NASA’s Moon Spaceship Beams Back Remarkable Views Of Lunar Surface

Ramish Zafar
The Earth is visible from Orion's navigation camera. Image: NASA

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The National Aeronautics and Space Administration (NASA) has released new images of the Moon taken from its Orion spacecraft. Orion took to the skies earlier this month as part of a weeks long journey to test the spaceship before it can be certified to meet the requirements of a crewed flight. This mission is part of NASA's Artemis program, which aims to develop a sustained human presence on the lunar surface. The next Artemis mission will see astronauts fly around the Moon if the current mission is a success and NASA engineers determine that the spacecraft can be certified for crewed flights.

NASA Shares First Lunar Images From A Crew Vehicle Since The Apollo Program

The mission will see Orion will fly to what is called a distant retrograde orbit. This will mark the first time that a spaceship designed for humans makes such an orbit, which will take it thousands of miles beyond the Moon and the farthest that a human spacecraft has ever been. Placing Orion into this orbit also relies on using the Moon's gravity, which then saw the vehicle come tantalizingly close to the lunar surface earlier this week.

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As part of the outbound flyby burn, which is necessary to place Orion into the desired orbit, the vehicle came as close as 81.1 miles to the lunar surface while it was traveling at a whopping 5,102 miles per hour. The journey also saw NASA snap images of the Moon, the Earth and the space in between to provide some remarkable views. These views are also the first time that a human spacecraft has taken them ever since NASA flew the Apollo astronauts to the Moon. A lot has changed this then, especially the technology that allows for greater image quality.

NASA Orion spacecraft sends back image of the Moon on day six of the mission

As part of its maiden voyage to the Moon, Orion has faced several hiccups. These are the reason why the first flight of any potential crewed vehicle is always uncrewed since such complex systems have a high chance of presenting unforeseen problems. Some of these came late last week when problems with onboard memory and flight controlled systems were solved by engineers.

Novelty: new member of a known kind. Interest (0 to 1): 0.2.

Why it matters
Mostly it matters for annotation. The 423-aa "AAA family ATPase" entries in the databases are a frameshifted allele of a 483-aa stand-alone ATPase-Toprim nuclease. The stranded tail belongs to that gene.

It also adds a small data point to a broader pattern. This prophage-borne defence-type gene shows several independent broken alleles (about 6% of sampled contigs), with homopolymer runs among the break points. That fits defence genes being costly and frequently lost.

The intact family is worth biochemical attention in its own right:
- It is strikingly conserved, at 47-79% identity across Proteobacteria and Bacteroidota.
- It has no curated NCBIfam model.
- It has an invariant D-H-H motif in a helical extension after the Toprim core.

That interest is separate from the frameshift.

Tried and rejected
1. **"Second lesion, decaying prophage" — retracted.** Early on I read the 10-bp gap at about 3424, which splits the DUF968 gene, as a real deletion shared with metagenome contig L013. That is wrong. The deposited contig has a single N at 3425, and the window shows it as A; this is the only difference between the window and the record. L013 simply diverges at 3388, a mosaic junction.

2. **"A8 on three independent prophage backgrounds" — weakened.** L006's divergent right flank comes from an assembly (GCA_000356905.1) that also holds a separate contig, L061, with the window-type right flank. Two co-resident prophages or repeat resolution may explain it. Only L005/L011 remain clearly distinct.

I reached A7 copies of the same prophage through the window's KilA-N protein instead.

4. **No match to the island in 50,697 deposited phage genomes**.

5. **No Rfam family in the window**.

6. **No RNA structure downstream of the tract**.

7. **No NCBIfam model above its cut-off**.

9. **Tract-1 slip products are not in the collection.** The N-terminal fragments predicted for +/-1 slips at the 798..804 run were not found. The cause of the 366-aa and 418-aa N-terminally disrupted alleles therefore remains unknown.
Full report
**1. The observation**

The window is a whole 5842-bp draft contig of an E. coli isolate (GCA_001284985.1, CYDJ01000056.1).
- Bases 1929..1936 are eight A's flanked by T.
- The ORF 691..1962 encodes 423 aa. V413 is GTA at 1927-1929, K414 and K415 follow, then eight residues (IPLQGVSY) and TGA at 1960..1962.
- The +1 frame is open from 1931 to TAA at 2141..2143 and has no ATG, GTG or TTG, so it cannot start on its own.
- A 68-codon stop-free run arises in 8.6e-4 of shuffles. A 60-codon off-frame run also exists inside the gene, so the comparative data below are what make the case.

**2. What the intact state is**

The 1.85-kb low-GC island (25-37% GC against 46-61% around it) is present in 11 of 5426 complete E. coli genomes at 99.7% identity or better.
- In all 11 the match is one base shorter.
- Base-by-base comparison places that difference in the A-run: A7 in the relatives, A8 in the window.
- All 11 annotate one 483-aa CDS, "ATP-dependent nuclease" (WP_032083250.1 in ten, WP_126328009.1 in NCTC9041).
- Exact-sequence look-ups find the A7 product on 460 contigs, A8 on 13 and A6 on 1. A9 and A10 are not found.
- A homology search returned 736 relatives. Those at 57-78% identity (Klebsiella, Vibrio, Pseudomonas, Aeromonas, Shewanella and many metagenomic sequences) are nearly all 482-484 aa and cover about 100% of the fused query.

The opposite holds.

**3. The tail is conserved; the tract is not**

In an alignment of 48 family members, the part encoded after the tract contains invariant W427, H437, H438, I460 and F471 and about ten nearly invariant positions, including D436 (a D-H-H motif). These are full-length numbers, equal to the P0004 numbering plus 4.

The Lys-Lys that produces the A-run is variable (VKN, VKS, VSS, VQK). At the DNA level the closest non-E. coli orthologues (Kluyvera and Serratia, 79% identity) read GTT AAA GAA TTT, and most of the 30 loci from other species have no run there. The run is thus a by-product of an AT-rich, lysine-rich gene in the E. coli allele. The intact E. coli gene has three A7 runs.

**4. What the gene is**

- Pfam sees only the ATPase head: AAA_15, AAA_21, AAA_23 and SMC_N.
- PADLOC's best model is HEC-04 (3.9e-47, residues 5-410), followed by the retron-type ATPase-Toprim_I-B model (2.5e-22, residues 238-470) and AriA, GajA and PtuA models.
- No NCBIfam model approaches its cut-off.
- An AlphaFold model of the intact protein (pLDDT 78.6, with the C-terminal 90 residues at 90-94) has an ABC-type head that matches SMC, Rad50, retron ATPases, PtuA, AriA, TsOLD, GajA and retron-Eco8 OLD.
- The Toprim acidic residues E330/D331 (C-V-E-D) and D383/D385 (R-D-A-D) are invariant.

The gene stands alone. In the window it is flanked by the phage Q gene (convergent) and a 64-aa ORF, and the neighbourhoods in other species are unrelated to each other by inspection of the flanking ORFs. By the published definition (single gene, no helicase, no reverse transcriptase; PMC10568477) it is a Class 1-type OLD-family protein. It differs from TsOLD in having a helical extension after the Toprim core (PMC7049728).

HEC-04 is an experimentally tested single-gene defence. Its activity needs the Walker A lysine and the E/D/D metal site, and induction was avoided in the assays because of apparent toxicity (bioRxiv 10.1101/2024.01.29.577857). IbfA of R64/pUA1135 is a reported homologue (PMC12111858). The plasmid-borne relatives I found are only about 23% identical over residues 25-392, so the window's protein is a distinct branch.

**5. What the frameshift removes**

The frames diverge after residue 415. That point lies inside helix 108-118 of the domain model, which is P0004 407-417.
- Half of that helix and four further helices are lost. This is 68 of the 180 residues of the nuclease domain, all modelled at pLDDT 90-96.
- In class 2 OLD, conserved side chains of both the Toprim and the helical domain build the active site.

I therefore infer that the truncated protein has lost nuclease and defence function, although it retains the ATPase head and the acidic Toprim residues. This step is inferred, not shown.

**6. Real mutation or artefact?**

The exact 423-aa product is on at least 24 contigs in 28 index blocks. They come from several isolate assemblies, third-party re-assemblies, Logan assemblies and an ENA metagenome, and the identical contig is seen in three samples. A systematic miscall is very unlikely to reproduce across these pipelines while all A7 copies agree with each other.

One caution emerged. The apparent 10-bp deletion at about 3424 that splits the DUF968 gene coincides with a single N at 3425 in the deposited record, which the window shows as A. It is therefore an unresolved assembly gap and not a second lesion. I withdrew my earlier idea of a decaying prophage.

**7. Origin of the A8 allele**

The latest issue however took longer to resolve. as on Wednesday NASA staff lost communications with the spaceship. This came five minutes after Orion completed its fifth outbound trajectory correction burn, and it came during the same time frame of engineers testing the ship's guidance systems. These systems orient the spacecraft by tracking the stars, and they evaluated the system's sensitivity to temperature systems.

The blackout took place at 1:09 am EST on Wednesday, and it lasted for 47 minutes. It occurred when engineers were reconfiguring the connection between NASA's satellite dish network that is located all over the globe and was a surprise as the reconfiguration had been successfully conducted during the earlier stages of Orion's journey.

Orion will enter the distant retrograde orbit later today, which will see the ship travel as far as 50,000 miles from the lunar surface. Engineers have also been testing Orion's reaction control thrusters to ensure that a backup plan is available in case the primary orbital insertion is unsuccessful for any reason. The burn is slated to take place at 4:52 pm EST later today and the ship will spend six days orbiting the Moon before it is ready to come back to Earth. This final leg is a crucial part of the test mission, as it will see NASA evaluate its heatshield at levels that cannot be replicated on Earth.

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